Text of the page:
One of the things Kwalee is interested in for games currently in development is getting free to play right. That means finding the right balance between what people pay for and what they play for. While a lot of Kwalee staff have good knowledge of designing such experiences, we try to look at successful titles on the appstore and try to learn as much as we can.
We did research last year in December on 13 games. We chose them from the top 50 grossing apps after eliminating non-gaming apps and new games. We also tried to choose only games that were not necessarily in top 50 in the overall charts.
The 13 games were in no particular order: Candy Crush Saga, Bike Race free, CSR Racing, Bejewelled Blitz, The Simpsons: Tapped Out, Clash of Clans, Hay Day, The Hobbit: Kingdoms of Middle Earth, Dragon Vale, Legend of the Cryptids, Tap Paradise Cove, Rage of Bahamut, Kingdoms of Camelot.
The inital part of the research was just to find out what these games had in common and then compare their strategies for different in-game objectives in relation to the player(keeping the player informed of the game status, promotions, rival or friend activity, etc.)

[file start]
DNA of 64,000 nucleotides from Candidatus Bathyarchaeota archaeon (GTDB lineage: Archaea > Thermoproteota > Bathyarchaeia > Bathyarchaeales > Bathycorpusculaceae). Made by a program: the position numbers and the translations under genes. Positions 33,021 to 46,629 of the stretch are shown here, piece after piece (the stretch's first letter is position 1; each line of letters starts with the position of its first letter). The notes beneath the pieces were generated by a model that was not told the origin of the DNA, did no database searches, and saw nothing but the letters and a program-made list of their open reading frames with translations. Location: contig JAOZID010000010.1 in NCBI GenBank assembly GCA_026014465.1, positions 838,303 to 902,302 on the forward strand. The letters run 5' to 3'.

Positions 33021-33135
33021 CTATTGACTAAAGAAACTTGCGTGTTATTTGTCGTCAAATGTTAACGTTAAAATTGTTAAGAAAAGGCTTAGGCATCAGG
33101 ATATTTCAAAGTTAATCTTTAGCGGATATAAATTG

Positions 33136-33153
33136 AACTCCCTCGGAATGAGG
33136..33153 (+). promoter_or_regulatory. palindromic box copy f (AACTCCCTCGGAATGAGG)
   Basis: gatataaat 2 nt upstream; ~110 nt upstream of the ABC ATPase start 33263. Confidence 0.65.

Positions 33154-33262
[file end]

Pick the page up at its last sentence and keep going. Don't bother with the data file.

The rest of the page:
What we did was take the 3 month average US rank in the free charts and the 3 months average Top Grossing US rank.
We used this data and gave a grade to how well the game balanced monetizing and the fun factor. Basically, we did a rank difference. Higher difference meant higher score. So even if Rage of Bahamut or Kingdoms of Camelot didn’t have as many downloads in the 3 month average period, on the grossing charts they averaged rank 4.
Out of the 13 games, 70% contain a depletive mechanic (i.e. fuel or gold), over 80% implement hard and soft currencies and 70% have multiplayer and/or pvp options. Most of them also have advanced messaging systems both in-game and push.
Most of the games integrated some form of resource management and we’ve seen quite a lot on the appstore, however we were more attracted to the genres that didn’t make it to the list or are poorly represented. Even taking into account that we chose the games and the list is a bit biased, it does give fair image of what’s going on.
Next up is play time. With each game. We’re curious to see how each one of the 13 manages our time and patience in game and of course lets us have fun.